Outcry Review

Designed and developed by the Russian studio Phantomery Interactive, and originally released in that country under the name Sublustrum, Outcry is an original project adventure game based on an eerie premise -- that it is possible to enter other dimensions by separating body and mind. An atmospheric game, Outcry begins with an invitation -- an invitation to you from your brother, whom you haven't seen in years. Yet he suddenly disappears, leaving you with a machine that he has been building and experimenting with, and which he claims can separate a man's consciousness from his physical being, allowing him to travel to other time-space continua. With a desire to explore these boundaries between dream and reality, as well as determine what happened to your brother, you must reach deeply into your own subconscious and confront fears that you thought were long buried.

So begins the adventure. And what an unusual adventure it is. Combining both inventory and logic puzzles, surrealistic artwork, graphics special effects, a haunting soundtrack, and many challenges, Outcry provides something for every adventure gamer.

The interface for Outcry is a fairly standard first-person point-and-click interface, using the mouse to move from scene to scene (as well as panning within scenes), select objects, and interact with active spots on the screen. All scenes (other than a few close-ups) provide full 360-degree horizontal panning, and a wide range of vertical movement, as well. The game is played in four main stages, or sections. Finishing one section and moving on to the next is one-directional; once completed, you cannot go back to an earlier part of the game.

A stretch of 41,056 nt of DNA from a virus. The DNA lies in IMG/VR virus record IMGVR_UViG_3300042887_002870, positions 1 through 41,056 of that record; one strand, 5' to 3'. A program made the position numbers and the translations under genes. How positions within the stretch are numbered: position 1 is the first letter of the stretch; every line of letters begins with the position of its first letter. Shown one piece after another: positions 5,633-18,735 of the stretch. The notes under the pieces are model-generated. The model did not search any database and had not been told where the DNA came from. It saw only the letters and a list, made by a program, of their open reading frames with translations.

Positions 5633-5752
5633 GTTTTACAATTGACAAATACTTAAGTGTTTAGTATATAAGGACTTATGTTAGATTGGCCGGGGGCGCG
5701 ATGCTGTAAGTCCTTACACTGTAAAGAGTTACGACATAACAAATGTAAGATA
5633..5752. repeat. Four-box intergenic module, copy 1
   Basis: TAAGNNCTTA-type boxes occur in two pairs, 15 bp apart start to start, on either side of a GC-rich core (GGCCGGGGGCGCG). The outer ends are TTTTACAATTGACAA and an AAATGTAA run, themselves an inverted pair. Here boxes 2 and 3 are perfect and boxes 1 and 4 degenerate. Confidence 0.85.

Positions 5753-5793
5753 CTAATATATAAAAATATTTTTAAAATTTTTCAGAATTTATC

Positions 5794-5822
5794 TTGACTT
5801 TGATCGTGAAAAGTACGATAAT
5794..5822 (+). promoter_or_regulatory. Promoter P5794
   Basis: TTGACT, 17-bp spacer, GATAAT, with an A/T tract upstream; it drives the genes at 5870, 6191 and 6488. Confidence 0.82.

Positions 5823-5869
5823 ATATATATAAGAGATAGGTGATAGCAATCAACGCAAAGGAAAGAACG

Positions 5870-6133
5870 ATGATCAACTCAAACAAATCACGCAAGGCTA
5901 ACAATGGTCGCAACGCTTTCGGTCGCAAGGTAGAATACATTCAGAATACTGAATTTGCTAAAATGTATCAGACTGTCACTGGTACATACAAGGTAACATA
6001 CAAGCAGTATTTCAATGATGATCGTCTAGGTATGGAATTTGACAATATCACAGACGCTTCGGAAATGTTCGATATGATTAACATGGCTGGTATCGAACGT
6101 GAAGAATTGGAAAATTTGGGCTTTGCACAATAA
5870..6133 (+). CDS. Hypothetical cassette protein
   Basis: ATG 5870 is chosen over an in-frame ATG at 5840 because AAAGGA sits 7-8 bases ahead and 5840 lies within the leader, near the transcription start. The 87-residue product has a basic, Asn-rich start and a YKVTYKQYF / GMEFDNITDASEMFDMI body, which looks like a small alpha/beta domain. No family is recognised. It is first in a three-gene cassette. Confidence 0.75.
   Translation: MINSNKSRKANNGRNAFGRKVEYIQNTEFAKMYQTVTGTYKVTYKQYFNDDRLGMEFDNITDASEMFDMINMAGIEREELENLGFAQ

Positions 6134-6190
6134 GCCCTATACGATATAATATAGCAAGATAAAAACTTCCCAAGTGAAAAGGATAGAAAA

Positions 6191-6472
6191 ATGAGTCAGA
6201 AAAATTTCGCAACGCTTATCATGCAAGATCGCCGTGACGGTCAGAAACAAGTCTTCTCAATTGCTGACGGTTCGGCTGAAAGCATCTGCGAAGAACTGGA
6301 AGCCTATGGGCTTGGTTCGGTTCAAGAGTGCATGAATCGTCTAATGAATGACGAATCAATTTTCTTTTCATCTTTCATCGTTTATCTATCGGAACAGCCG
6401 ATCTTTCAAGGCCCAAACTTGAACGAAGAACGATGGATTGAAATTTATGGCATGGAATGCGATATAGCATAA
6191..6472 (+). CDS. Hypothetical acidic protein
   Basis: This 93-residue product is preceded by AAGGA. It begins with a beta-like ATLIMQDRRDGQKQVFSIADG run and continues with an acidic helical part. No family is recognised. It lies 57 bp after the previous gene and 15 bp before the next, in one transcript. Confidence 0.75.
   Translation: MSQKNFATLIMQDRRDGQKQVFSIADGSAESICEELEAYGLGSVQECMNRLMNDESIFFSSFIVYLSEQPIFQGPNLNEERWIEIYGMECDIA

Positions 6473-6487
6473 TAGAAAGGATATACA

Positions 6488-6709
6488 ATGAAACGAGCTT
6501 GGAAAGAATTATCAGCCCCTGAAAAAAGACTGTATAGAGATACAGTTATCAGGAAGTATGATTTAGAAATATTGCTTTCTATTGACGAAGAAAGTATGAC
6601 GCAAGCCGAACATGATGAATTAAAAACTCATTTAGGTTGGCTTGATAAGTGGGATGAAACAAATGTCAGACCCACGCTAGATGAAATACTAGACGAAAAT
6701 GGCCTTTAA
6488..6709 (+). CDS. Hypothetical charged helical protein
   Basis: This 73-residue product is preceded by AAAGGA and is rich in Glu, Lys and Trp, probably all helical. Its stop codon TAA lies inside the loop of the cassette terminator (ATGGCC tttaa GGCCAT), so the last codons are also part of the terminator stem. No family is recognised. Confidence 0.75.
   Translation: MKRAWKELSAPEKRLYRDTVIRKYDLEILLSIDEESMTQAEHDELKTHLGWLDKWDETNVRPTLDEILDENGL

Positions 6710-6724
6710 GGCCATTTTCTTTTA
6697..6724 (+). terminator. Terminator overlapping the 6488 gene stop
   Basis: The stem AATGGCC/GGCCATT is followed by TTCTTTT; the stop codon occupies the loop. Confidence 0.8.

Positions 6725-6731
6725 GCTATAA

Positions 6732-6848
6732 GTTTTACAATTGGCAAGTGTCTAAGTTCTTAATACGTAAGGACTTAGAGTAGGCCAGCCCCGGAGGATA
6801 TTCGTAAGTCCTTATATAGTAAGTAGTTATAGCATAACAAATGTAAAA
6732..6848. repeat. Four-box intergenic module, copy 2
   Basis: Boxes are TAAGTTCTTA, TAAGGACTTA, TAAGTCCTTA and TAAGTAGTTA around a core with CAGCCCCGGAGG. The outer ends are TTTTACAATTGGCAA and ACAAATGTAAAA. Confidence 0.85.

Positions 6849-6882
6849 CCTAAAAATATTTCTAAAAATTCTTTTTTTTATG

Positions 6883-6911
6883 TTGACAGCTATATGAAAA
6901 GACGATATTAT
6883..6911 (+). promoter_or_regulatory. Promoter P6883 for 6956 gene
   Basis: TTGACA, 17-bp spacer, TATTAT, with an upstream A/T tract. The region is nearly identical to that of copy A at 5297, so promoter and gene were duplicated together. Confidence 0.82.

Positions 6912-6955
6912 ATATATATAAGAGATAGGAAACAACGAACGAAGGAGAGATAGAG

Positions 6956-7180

The artwork in the game is quite novel. Given the unusual (and, in some cases, unearthly) situation, the graphic designers did an excellent job in creating some very "unreal" environments. The game begins in a fairly traditional -- and familiar -- landscape: your brother's office. There you discover the machine that he has created for this body-soul separation. You also determine that it is no longer working, which presents you with your first challenge -- fixing the machine, so that you can follow your brother... wherever it is that he went.

From the moment the game begins, the scenery is stunning. The artwork is photorealistic, down to the rusting textures of metal objects, the disarray of elements within each scene, and the details of each background. At the same time, the artists have done some very creative work with colors, with the intent of emphasizing the overall drabness of this particular setting. As the game progresses into successvie stages, that artwork becomes more surrealistic -- as would be expected. To me, the result of this surrealism seemed like a drop in quality in the later segments of the game. The scenes get simpler, the level of detail seen in the earlier parts of the game is no longer apparent, graphical objects get more "boxy," and there's almost a feeling that the graphic design became more hurried.